The latest technical book I’m reading is Microsoft SQL Server 2012 Analysis Services: The BISM Tabular Model, written by Marco Russo, Alberto Ferarri, and Chris Webb, published by Microsoft Press. This is my review.
Microsoft introduced the Tabular model with the release of SQL Server 2012 earlier this year. It doesn’t replace the Multidimensional model already in Analysis Services, but it does give you another option. If you’re familiar with PowerPivot you should be comfortable with Tabular models.
While this is an introductory book on the Tabular Model, it is not a beginners book by any means. You may find yourself in over your head if you’ve never worked with Analysis Services in previous versions of SQL. For instance, you will learn how to create hierarchies and relationships but not what they are.
Chapter 1 is Introducing the Tabular Model. You’ll get a the background of Analysis Services as it existed before SQL 2012. There is a comparison of features between the existing Multidimensional Model and the new Tabular Model.This section will help you to determine which part of SSAS you may need by going over the biggest differences. For instance you can’t create partitions using the Tabular Model. The hardware needs are different as well; Multidimensional would need better disks and Tabular would need more memory. Also the Tabular Model is only available in the Business Intelligence, Enterprise, or Developer Editions of SQL 2012.
Chapters 2 and 3 are where you begin to work with a Tabular Model. You’ll see what you will need to develop projects using SQL Server Data Tools. It’s more than just a walk through. You’ll learn how the Tabular model uses a workstation, a development server, and a workspace server and some best practices in setting them up. There’s a walkthrough in creating your first Tabular project against the famous AdventureWorks data warehouse. By now, if you’re already familiar with cubes in SSAS, you’ll have a pretty good feel for working with Tabular versus Multidimensional models.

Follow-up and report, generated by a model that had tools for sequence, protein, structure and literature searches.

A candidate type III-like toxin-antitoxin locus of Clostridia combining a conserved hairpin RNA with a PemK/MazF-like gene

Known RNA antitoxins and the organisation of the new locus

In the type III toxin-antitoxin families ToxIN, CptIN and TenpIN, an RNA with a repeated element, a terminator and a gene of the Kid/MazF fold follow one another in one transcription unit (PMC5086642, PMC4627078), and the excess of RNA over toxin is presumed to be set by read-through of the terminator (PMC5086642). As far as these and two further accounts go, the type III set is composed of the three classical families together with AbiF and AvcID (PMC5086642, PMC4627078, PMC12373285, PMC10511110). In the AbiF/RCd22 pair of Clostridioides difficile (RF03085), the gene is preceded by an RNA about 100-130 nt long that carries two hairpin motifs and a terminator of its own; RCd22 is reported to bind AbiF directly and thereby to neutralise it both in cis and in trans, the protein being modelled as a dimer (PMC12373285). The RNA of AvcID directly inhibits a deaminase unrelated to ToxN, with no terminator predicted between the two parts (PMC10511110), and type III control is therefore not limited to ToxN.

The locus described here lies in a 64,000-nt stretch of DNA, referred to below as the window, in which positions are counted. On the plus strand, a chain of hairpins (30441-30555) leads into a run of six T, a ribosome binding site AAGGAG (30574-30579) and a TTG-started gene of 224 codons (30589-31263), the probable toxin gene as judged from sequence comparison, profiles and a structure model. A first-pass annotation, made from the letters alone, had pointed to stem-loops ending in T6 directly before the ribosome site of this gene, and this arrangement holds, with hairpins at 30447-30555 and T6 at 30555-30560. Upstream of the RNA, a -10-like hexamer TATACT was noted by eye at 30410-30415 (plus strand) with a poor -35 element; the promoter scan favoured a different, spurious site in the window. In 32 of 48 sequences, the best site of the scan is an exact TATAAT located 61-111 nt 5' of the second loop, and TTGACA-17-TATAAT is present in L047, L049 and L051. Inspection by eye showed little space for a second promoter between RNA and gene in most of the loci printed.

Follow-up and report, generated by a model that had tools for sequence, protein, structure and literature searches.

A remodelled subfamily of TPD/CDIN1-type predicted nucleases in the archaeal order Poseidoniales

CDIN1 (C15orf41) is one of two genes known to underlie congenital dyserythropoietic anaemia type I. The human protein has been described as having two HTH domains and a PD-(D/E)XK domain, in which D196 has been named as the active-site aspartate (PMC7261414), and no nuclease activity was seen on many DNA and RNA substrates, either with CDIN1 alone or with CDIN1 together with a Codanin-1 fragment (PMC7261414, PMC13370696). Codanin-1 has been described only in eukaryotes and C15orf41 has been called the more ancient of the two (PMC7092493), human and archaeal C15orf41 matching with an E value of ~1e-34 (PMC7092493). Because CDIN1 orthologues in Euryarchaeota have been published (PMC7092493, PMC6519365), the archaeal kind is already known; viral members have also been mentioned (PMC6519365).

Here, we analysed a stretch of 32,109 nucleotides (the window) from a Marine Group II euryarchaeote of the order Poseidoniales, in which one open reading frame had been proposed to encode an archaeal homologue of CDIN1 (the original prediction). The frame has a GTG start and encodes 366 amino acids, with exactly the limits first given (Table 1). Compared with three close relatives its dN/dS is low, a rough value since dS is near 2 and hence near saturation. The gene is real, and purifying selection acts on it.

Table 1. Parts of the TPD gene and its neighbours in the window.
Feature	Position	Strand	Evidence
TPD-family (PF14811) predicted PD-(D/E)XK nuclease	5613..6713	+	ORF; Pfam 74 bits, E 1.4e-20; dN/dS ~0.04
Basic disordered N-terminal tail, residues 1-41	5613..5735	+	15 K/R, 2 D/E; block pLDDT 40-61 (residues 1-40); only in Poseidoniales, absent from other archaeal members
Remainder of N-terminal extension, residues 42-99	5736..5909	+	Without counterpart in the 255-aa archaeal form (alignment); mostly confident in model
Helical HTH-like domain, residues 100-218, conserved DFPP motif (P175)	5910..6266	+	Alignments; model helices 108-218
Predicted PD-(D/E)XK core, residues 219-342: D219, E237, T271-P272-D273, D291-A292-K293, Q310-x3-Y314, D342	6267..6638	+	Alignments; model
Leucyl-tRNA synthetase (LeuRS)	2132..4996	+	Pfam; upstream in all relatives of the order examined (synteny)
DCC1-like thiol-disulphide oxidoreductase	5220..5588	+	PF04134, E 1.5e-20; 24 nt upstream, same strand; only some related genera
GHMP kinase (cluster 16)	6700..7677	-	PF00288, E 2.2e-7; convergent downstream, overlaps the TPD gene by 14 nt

This book is worth getting just for the chapters on the Data Analysis Language (DAX). DAX isn’t new, you’ve been able to work with it in PowerPivot. The authors make it seem like an easy to grasp language, much easier than trying to use MDX. And what’s even nicer, they include a DAX Functions Reference Appendix at the end of the book, sorting functions by their use; statistical, logical, mathematical, and so on.
There’s so much more to this volume, I can’t cover it all. You’ll learn some best practices for deploying your solutions, security, how to process the models, how to work with the Tabular model in various clients, and much much more. The sample walkthroughs are clear and the text is easy to follow. I didn’t find any obvious technical errors though there were a few small typos. You’ll most likely spot them yourself but if you don’t make sure to check the errata page. The few I saw were already caught by others and explained.
This is a book you’ll be returning to again and again. It’s a great reference for anyone working in Business Intelligence.